The most obvious consequence of overconfidence is relapse. When we begin to think that our defenses are unnecessary or that we cannot encounter any consequences, we are prone to dangerous behaviors. We allow ourselves to think that we can get away with anything. We don’t worry about our past addictions, because we now think that we can conquer anything. This is the point at which we become too confident. We allow our confidence to get the better of us, overtaking our capacity for rational thought. When this happens, relapse often proves to be imminent. We find that we are at the “high” point of emotional disturbance, allowing our seemingly positive thoughts to yield negative results.

In some cases, being too confident may yield negative social results. When we act as if we are better than others, they will often find that our company is no longer appreciated. People believe themselves to be better off when we are not around. They feel as if we serve no other purpose than making them feel worse about themselves. We cannot constantly act as if we are better than others simply because we are in recovery. It’s important that we remember why we entered recovery in the first place. It wasn’t because things were going so well for us. If anything, we can learn a lot from our non-addict friends during this period of self-discovery.

When we act too confident in order to hide our defects, we hurt only ourselves. Internally, we know that we have messed up. We know that our friends and family members may lack trust in us. More importantly, we often lack trust in ourselves. Acting confident will not eliminate these feelings from our psyche. If anything, false arrogance only serves to remind us why we began hiding our true feelings in the first place. We remind ourselves that we do not feel good about ourselves, and that we feel the need to hide this from others.

These consequences may seem mild, but try telling that to those who have experienced them. Those who have relapsed would not call their experiences “mild” by a long shot. Addicts who lose relationships would not shrug off these experiences, either. And those who suffer from low self-esteem do not chuckle at their former ways of thinking. The people who suffer these experiences find themselves hurting. And the only way to stop this pain is for them to let go of their overconfidence. Instead of acting too confident and risking further pain, they must learn the benefits of humility.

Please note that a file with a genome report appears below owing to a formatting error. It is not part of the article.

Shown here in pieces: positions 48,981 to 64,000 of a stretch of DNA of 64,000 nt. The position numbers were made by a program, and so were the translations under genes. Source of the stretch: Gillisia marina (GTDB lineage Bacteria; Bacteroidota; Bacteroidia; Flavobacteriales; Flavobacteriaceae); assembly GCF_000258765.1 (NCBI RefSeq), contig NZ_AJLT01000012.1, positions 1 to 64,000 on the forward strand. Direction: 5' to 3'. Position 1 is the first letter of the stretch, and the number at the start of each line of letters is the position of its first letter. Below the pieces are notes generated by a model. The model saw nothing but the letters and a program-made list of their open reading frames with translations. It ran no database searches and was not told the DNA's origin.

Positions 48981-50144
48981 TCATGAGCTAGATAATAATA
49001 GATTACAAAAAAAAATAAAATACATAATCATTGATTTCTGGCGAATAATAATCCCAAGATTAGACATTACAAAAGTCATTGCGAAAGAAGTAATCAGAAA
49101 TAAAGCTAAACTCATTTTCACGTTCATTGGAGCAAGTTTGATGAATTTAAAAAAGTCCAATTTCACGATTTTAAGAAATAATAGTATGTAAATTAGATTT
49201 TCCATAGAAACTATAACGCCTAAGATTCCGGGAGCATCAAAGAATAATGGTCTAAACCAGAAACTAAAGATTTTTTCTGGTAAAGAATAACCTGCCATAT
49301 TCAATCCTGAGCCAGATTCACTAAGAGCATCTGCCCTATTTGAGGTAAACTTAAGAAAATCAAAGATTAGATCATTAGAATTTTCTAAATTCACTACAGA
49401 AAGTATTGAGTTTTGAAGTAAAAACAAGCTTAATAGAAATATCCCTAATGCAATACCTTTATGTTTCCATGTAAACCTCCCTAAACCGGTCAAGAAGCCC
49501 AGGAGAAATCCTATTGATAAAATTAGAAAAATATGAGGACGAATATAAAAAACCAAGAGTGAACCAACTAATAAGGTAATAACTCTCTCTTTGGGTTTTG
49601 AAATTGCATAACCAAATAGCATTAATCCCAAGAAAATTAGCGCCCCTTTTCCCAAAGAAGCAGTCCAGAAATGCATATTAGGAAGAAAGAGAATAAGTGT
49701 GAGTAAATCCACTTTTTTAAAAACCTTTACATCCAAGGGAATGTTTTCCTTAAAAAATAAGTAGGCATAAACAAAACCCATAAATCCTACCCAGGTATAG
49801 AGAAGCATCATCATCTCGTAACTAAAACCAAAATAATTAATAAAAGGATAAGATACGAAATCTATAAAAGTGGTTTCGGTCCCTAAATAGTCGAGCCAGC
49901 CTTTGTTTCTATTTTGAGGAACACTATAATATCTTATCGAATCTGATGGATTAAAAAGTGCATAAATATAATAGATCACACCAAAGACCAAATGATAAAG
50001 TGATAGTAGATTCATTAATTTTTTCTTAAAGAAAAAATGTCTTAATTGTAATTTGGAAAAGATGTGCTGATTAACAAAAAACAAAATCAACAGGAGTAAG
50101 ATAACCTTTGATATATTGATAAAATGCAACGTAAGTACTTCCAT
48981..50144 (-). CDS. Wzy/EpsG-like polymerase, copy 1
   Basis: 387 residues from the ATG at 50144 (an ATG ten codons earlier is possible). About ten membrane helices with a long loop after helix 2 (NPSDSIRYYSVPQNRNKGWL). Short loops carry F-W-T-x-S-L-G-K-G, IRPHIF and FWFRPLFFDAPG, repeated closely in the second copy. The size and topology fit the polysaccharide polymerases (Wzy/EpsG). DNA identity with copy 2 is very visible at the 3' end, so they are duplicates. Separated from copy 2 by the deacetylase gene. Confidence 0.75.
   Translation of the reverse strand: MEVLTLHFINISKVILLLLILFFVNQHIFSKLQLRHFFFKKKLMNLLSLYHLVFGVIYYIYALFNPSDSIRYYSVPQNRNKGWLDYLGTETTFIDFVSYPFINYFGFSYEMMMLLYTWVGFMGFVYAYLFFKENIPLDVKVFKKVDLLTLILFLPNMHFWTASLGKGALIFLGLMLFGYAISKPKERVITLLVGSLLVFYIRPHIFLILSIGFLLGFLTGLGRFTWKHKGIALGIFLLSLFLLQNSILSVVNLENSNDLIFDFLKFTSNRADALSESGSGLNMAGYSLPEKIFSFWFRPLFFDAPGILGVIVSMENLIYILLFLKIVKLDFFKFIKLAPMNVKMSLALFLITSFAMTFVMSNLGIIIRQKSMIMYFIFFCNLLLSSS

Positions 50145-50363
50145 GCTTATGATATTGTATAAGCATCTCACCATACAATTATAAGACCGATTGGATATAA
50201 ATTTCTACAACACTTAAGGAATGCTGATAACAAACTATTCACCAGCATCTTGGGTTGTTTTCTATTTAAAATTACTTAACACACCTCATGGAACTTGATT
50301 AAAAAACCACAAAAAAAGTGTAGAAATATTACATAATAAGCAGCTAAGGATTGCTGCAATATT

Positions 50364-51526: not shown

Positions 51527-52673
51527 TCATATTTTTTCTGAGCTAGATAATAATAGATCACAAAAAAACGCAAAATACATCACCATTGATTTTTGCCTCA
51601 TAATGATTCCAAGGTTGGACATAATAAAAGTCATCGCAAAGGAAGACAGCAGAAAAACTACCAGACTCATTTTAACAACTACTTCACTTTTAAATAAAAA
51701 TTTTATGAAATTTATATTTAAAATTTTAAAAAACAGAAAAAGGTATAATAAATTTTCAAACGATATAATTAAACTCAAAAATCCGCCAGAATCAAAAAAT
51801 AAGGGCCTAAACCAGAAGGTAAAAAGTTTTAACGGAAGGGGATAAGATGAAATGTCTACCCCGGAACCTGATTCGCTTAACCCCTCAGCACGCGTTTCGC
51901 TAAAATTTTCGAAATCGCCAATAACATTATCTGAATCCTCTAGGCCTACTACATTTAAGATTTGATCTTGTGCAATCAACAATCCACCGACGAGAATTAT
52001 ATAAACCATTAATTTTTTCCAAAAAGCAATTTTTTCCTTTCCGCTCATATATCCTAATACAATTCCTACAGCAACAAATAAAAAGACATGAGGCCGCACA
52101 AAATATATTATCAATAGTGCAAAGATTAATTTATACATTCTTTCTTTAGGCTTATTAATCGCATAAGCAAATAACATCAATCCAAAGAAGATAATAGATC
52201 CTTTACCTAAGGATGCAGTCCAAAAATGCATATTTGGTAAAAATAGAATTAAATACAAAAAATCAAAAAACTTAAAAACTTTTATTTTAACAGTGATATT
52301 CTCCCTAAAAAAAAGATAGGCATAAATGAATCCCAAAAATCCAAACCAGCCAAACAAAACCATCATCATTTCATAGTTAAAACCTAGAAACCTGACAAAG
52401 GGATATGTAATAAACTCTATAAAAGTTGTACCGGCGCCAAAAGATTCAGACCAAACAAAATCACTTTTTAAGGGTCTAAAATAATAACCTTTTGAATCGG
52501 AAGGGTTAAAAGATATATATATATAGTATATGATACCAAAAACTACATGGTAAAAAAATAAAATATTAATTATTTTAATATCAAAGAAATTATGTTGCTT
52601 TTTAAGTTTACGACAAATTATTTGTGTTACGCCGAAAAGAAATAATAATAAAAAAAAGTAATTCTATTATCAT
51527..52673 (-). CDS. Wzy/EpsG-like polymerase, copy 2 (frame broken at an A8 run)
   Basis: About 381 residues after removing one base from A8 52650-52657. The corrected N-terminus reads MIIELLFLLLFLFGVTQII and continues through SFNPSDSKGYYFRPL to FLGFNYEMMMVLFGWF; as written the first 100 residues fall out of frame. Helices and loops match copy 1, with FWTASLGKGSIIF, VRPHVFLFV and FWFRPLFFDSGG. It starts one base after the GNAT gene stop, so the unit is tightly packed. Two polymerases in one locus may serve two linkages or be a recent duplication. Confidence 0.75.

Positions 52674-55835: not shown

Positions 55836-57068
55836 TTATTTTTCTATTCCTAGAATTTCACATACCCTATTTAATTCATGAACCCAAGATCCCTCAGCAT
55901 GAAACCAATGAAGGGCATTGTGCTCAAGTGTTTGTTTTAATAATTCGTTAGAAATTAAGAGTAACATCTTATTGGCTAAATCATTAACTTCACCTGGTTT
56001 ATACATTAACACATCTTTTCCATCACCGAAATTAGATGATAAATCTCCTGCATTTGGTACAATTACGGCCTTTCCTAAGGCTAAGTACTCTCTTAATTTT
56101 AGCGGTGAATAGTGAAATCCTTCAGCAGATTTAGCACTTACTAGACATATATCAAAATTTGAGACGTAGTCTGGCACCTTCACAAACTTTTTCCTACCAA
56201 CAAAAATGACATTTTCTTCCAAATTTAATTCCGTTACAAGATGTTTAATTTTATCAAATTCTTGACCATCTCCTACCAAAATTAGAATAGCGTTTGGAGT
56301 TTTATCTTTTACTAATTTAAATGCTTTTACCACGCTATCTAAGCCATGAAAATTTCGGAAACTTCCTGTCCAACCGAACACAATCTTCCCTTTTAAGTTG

Learning to Set Arrogance Aside

Arrogance simply makes us look like fools. (STUDIO GRANG QUEST/Shutterstock)

Arrogance simply makes us look like fools. (STUDIO GRANG QUEST/Shutterstock)

When we enter treatment programs, we learn to feel things out a bit more. We learn to see that our own recovery ideas may leave a bit to be desired. Even our pets know that we have done little to serve them. And those of us who fall prey to the justice system will feel disillusioned about a great many things. When looking at this system, we must concede that things might be better if we didn’t do so much to hurt ourselves.

In treatment, we learn to think about others. We learn that the answer to service work is not always found in grand gestures. In fact, the best way of enacting service work is to think about others in small ways. We learn that a simple kind word can change someone’s entire day. In doing so, we inevitably help ourselves. If we think only in grand gestures, we may never get to the place where we need to be if we wish to stay sober.

Helping others is but one way to help ourselves. If family or friends have helped us in sobriety, we should find ways of helping them in return. We need to learn that the world does not revolve around us. Sometimes, others require attention. If we treat the world as if we are the only ones who matter, the likelihood is that people will not treat us with much respect. But, if we can treat people with the respect they deserve, they will likely respond in kind.

Regardless of how we treat others, we should never forget that the world is much bigger than ourselves. Others deserve the same respect that we deserve. They deserve the same consideration when it comes to matters of security and safekeeping. All that matters is that we maintain a sense of humility. If we can do this, then no one can keep us from fulfilling our true potential. As long as we learn to care about others, we will make progress every single day. There is no better place to learn this skill than in the safe care of Amethyst Recovery.